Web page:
Vacm

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The View Access Control Model is one of the more complex configuration options that Net-SNMP offers.

Contents

The Basics

Complete overview

Most folks aren't interested too much in the gory details, but for those who are, here is an external link I found on SNMPv3 View Based Access Control (VACM).

Check the man page

The Access Control section of the snmp.conf manual page talks about VACM setup, and has the most current information. Check there first.

A Visual Aid

A user-contributed image and text-representation of the relationships can be found on the VACM tutorial page.

We also provide this handy diagram showing how include/exclude functions overlay each other within a "fake" mib tree:

File:Vacm tree.jpeg
Including and Excluding MIB Tree Elements

Living in Denial

In response to the "arrgh, this is too complex for my poor little brain!" types of messages we get about configuring access control, you can avoid it if your needs are simple. So, if you just want to give a user read or write access to the entire MIB tree, you can use the ro and rw configuration options, which specify read-only (ro) or read-write (rw) access.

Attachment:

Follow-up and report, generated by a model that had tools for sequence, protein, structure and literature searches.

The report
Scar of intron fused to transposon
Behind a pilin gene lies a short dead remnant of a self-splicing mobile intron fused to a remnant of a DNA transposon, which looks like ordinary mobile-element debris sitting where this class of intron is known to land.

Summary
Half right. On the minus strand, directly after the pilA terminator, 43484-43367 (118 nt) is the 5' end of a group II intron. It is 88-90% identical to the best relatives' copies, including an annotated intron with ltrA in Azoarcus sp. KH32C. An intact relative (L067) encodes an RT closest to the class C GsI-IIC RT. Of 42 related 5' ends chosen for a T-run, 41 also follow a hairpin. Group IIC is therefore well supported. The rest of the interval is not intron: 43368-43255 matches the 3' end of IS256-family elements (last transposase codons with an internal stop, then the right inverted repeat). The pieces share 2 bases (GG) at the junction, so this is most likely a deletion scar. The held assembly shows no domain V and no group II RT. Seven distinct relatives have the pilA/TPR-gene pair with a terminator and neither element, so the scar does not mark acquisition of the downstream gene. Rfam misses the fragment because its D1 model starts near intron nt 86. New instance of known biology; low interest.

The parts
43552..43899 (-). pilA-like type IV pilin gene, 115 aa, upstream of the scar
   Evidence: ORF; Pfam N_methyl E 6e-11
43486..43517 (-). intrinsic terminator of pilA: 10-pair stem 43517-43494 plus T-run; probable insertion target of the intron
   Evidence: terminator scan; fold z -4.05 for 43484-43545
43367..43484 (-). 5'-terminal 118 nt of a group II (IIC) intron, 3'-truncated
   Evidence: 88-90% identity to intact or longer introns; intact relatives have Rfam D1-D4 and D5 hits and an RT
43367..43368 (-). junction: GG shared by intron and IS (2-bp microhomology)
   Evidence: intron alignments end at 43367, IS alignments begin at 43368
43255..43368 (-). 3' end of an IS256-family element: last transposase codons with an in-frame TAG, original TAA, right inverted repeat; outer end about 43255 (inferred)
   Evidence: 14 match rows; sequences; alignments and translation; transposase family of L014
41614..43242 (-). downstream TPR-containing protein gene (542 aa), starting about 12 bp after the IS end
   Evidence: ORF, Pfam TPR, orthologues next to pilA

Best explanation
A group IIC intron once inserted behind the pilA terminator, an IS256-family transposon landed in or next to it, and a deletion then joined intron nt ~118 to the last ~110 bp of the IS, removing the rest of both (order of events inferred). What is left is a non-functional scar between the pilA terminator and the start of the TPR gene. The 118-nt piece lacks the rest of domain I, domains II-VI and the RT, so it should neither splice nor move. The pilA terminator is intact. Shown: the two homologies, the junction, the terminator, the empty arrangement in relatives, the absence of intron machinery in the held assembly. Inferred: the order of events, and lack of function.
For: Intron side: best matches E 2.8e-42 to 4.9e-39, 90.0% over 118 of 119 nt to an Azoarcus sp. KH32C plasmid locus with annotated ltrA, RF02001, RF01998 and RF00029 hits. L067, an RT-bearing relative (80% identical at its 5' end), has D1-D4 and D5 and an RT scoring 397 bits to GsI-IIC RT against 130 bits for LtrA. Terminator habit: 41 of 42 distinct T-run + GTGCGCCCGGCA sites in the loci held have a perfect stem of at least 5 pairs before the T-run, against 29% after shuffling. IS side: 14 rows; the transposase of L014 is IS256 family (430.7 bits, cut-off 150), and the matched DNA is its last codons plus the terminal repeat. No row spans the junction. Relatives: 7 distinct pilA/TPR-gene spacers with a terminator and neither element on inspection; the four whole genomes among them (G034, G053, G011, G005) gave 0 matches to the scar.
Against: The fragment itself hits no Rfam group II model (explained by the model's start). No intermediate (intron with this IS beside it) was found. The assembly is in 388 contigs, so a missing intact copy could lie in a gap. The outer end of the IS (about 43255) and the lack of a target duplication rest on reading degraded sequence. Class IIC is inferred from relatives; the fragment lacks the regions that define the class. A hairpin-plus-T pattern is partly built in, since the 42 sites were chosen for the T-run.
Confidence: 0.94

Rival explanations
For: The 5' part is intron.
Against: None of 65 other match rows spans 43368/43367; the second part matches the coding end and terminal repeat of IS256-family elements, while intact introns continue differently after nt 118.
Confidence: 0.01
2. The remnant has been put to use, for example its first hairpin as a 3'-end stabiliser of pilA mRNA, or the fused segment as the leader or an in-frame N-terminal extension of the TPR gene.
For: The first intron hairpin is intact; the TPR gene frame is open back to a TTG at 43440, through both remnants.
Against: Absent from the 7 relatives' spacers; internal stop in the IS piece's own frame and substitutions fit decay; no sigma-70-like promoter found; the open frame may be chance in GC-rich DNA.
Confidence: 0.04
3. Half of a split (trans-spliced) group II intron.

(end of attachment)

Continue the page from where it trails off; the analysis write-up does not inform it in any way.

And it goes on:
SNMPv1 and SNMPv2 rocommunity/rwcommunity

These directives allow access for community based requests, optionally restricted to a particular range of source IP addresses, and/or a specific OID. See the snmpd.conf man page for detail, but the general form is:

      rocommunity COMMUNITY [SOURCE [OID]]
      rwcommunity COMMUNITY [SOURCE [OID]]
      rocommunity6 COMMUNITY [SOURCE [OID]]
      rwcommunity6 COMMUNITY [SOURCE [OID]]